Keep the information clear and jargon-free. Someone who isn’t an expert can tell which bundle would be best for their team.
Checklist for Designing Your Pricing Page
How To Evaluate Your Pricing Page
Even if you adhere to all best practices on your price pages, there’s a high possibility you won’t get it right on the first try.
After all, pricing is an iterative process.
So, how do you evaluate if your pricing page is performing?
As usual, the key is the data. First, start with these quantitative metrics to give you insight into how you’re doing.
Then you can use customer surveys to optimize your page.
And that’s a wrap on our collection of the best SaaS pricing pages!
From clever tiered structures and transparent pricing to captivating designs and strategic messaging, we’ve explored what sets these pages apart and drives their success.
As you reevaluate your pricing page, remember to draw inspiration from these industry leaders and adopt the elements that align with your brand and target audience.
Here’s to creating a winning pricing page that helps your business grow and thrive!
Happy pricing, and may your revenue reach new heights!
A SaaS (Software as a Service) pricing page is a section on a website that displays the different subscription plans and pricing tiers a SaaS company offers. It is essential for conveying value, setting customer expectations, and allowing potential customers to compare and choose the plan that best suits their needs.
The key elements of an effective SaaS pricing page include the following:
• Clear pricing tiers
• Easy-to-understand plan names
• Detailed feature lists
• Prominent call-to-action buttons
• Transparent billing information
• Social proof like customer testimonials or logos of well-known customers
The proper pricing structure depends on factors such as your target audience, the perceived value of your product, and the competitive landscape. Some standard pricing models include per-user, feature-based, and usage-based pricing. Consider researching your competitors, understanding your customers’ willingness to pay, and testing different pricing models to find the one that works best for your business.
There is no one-size-fits-all answer, but generally, most SaaS companies offer 3-4 pricing tiers to accommodate different user needs and budgets. This balances simplicity and choice, allowing potential customers to easily compare plans and make informed decisions.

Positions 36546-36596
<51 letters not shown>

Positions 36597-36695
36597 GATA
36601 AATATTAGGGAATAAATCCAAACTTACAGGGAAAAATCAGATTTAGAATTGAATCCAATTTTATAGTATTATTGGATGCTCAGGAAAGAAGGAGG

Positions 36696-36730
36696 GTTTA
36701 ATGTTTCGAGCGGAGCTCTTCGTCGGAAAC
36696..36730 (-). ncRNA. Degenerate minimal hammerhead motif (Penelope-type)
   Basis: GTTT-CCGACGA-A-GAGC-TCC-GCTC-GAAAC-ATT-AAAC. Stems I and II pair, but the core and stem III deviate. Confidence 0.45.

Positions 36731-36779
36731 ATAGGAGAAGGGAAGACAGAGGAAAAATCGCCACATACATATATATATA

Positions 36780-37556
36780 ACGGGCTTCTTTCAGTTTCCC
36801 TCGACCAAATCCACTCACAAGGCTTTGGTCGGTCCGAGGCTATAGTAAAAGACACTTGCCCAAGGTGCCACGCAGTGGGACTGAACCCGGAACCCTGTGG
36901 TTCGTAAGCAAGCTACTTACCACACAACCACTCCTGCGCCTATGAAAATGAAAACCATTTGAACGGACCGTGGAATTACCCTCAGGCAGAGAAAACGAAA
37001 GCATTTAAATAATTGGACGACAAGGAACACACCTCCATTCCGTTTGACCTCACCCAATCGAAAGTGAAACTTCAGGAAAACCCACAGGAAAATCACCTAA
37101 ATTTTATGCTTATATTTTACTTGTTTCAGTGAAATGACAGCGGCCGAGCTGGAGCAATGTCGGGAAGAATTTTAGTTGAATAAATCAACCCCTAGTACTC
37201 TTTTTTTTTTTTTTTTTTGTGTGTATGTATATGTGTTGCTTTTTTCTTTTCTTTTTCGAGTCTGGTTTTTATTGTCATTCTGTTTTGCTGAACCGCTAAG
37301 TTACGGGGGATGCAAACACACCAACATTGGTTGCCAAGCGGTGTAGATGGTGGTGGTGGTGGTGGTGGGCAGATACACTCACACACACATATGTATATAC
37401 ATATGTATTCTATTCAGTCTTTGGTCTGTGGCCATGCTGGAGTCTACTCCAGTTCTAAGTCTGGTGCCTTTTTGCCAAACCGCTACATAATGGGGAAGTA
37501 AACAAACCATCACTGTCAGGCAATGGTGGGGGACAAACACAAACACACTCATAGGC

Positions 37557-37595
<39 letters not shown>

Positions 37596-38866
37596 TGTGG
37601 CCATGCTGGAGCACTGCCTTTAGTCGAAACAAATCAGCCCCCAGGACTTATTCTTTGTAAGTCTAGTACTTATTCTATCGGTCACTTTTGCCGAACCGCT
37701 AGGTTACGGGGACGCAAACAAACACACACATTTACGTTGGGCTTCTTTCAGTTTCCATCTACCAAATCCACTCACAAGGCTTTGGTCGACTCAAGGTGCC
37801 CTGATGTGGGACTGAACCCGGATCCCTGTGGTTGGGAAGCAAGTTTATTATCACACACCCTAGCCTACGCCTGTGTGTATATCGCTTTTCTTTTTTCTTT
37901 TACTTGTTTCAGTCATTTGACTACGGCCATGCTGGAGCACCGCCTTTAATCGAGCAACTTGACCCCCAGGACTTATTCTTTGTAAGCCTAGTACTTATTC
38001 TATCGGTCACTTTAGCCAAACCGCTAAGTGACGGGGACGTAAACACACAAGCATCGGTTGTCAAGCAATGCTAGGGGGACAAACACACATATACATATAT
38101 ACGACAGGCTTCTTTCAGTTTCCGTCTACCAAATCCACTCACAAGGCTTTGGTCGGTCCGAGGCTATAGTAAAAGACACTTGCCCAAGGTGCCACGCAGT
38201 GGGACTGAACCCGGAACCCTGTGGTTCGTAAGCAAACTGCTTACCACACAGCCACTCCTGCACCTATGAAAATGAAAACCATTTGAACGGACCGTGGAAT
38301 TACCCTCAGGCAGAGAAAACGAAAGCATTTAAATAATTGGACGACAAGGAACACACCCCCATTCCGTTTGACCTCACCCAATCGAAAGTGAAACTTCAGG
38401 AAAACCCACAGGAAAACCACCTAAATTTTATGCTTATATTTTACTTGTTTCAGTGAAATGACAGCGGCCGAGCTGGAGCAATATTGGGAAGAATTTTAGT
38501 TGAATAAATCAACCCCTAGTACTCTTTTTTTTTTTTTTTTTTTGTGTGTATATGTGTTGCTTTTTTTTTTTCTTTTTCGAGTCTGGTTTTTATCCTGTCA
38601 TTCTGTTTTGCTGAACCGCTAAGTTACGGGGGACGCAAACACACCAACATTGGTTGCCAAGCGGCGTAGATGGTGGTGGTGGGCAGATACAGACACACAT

Offering a free trial or freemium plan can attract potential customers and help them evaluate your product before committing to a paid plan. Consider your target audience, product type, and acquisition costs when offering a free trial or freemium plan.
Use clear and concise language to list the features and benefits of each tier, with a focus on the unique value provided at each level. Visual aids, such as checkmarks or icons, can help highlight differences and make it easy for users to compare plans.
Regularly re-evaluating your pricing strategy ensures it remains competitive and relevant to your customers’ needs. Review your pricing at least once a year or whenever you introduce major product updates, expand into new markets, or notice significant changes in your competitive landscape.
Displaying pricing in different currencies can help increase trust and reduce friction for international customers. If you cater to a global audience, consider offering currency options based on the user’s location or allowing them to manually select their preferred currency.
Social proof can help build trust and credibility for your product. Showcase customer testimonials, case studies, or well-known client logos relevant to the pricing tiers. Ensure the social proof is authentic and highlights the benefits of your product or specific features of each plan.
To optimize conversion rates, continuously A/B tests various elements of your pricing page, such as headlines, plan names, pricing structures, and call-to-action buttons. Track user behavior and engagement, gather customer feedback, and make data-driven decisions to refine your pricing page and improve conversions.